The objective of this study was to evaluate the impact of breast implant surgery and its approaches on lactation by comparing women with and without breast implants at the time of childbirth.
Between April of 2013 and July of 2014, in Rosario (Sanatorio de la Mujer and Centro Quirúrgico Rosario), Argentina, a prospective cohort study of women with and without breast implants was performed. Of a total of 3950 births that occurred during this period, 200 patients with similar anthropometric characteristics (maternal and newborn) were selected. Breastfeeding (exclusive or mixed) was compared with artificial feeding at 24 and 48 hours and 30 days in both groups, and the type of incision was also compared.
Breastfeeding at 30 days showed a nonsignificant trend favoring the control group (OR, 7.39; 95 percent CI, 0.92 to 339.2). The percentage of women with implants who succeeded in establishing breastfeeding (exclusive or mixed) was very high (93 percent). In the control group, 99 percent of the women were breastfeeding at 30 days. In a comparison of the submammary and areola incision, breastfeeding showed odds ratios of 0.78 (95 percent CI, 0.33 to 1.87) at 24 hours, 1.10 (95 percent CI, 0.48 to 2.56) at 48 hours, and 0.18 (95 percent CI, 0.36 to 1.82) at 30 days.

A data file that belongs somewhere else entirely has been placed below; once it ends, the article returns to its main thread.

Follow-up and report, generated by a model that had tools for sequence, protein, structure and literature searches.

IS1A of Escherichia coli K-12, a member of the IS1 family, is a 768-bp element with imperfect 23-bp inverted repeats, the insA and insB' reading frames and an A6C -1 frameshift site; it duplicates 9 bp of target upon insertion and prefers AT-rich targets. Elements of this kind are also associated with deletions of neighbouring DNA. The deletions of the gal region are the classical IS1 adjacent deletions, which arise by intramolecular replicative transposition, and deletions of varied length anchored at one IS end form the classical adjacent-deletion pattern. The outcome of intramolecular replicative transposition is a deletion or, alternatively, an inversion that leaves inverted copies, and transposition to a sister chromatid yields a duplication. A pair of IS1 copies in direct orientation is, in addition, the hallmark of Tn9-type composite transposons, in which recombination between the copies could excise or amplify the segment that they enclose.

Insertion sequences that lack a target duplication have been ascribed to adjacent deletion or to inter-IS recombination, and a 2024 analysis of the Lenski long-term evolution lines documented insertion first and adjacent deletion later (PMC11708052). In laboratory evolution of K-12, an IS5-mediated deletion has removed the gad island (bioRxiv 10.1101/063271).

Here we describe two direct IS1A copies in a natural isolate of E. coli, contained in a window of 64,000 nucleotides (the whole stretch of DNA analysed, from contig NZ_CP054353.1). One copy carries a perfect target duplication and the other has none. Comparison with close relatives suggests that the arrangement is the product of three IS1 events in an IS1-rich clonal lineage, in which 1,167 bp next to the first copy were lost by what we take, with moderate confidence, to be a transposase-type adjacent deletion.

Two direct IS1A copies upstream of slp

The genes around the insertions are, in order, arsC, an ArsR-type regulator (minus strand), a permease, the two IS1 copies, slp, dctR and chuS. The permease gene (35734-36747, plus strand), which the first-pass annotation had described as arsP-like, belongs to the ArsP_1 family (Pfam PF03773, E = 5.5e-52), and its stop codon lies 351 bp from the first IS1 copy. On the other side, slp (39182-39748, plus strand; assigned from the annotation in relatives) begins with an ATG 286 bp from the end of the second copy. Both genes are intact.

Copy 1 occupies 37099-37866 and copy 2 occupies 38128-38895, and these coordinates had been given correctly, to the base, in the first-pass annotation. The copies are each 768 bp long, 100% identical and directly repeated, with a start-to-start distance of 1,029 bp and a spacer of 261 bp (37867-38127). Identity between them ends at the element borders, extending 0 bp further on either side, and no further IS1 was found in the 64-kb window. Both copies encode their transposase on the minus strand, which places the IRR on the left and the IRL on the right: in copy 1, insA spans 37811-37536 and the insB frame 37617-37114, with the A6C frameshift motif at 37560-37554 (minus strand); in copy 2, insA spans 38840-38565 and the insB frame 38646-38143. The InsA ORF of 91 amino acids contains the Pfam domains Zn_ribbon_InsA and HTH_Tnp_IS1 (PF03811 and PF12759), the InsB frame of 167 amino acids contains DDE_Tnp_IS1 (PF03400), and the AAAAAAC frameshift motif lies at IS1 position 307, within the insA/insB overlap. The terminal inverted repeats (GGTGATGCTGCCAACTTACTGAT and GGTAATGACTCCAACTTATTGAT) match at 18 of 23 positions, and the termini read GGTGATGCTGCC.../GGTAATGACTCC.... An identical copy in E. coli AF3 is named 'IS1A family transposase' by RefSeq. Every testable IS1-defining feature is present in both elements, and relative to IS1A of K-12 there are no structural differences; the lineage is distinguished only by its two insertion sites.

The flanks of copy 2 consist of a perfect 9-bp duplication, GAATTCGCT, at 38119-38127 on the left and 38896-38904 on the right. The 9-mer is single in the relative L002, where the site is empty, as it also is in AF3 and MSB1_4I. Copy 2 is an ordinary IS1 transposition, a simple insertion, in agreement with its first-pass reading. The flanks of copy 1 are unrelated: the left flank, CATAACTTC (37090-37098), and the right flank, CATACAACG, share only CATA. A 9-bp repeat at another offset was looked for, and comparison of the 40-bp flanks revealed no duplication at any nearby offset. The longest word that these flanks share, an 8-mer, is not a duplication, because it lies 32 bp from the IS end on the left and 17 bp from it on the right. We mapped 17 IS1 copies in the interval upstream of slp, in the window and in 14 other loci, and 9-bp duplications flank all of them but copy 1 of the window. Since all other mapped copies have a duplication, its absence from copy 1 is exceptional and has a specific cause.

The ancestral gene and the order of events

This study shows that most patients with breast implants were able to establish breastfeeding. However, there is a higher number of women without implants that established exclusive breastfeeding. No significant difference was found between the different surgical approaches.
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